Mike Malaska is a PhD organic chemist leading drug discovery projects at a small pharmaceutical company in Research Triangle Park, North Carolina. He obtained his undergraduate degree in chemistry from MIT in 1986, his PhD degree in chemistry from the University of California, Berkeley in 1991, and did two years of postdoctoral research in neurochemistry at Mayo Clinic Jacksonville.
He is also a volunteer researcher in planetary geology studying the Earth-like processes of Saturn's giant moon Titan. As part of his work, he got "Labyrinthus" officially recognized as a terrain type on Titan. His current research involves characterizing the Sikun Labyrinth canyonland region and hydrocarbon rivers and channels located near Titan's South Pole. He is also a volunteer artist for the AVIATR Titan Airplane mission proposal.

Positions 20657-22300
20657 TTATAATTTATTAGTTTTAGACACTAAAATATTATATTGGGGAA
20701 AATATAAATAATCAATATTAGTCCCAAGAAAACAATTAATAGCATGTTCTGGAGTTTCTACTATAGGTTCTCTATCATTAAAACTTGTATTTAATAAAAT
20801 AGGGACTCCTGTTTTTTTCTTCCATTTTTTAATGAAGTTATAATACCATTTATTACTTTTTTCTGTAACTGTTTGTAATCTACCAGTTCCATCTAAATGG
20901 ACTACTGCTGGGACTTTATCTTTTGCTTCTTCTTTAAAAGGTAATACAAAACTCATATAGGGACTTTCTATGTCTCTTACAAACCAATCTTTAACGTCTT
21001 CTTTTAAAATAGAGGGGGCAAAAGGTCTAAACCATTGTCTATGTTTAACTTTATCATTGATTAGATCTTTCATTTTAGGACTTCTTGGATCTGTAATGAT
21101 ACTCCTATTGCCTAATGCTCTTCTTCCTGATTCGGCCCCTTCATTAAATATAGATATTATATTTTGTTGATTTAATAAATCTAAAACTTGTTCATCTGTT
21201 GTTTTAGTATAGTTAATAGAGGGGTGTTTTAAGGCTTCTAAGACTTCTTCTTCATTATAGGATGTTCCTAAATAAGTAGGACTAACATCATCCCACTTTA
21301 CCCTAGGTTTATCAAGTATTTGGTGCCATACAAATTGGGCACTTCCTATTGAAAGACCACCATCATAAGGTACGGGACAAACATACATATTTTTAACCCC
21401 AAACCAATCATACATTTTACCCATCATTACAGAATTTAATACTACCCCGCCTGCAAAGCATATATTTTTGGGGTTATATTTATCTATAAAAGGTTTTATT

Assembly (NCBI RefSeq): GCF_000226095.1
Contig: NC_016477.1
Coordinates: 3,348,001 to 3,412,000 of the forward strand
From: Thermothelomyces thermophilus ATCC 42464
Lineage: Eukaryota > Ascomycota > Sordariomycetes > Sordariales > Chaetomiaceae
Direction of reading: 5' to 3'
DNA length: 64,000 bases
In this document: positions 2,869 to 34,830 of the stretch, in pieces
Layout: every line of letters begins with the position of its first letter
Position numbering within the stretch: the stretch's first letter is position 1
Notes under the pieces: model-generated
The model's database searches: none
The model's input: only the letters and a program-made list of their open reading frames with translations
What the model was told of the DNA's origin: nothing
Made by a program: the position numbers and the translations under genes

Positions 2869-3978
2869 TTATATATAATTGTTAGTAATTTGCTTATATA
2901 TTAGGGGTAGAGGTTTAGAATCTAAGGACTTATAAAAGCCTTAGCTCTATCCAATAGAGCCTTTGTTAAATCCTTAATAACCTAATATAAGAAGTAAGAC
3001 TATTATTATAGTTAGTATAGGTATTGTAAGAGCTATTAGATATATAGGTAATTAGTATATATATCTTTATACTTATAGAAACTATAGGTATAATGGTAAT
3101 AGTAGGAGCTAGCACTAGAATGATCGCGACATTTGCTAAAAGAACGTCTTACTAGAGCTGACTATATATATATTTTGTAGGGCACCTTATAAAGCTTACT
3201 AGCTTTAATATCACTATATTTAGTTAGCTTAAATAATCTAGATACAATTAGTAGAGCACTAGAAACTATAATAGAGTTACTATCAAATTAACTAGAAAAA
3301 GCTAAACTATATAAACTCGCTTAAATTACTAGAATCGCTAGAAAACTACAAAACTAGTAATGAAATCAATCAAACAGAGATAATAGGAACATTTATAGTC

Mike is fascinated by the differences and similarities between the planets of our Solar System and how they relate to planet Earth. One of his hobbies is processing data from current and past spacecraft missions, including raw images taken only hours ago from orbit around another planet. Another of his interests is the wavelengths of light outside the visible spectrum (X-rays, gamma rays, infrared and radio waves) and what they can tell us about planetary and astronomical objects.
As a self-described enthusiastic nerd, Mike hopes to share his passion in planetary geology, chemistry, and astronomy using recent spacecraft images and data. Mike also enjoys fossil collecting, gardening, and black-water kayaking.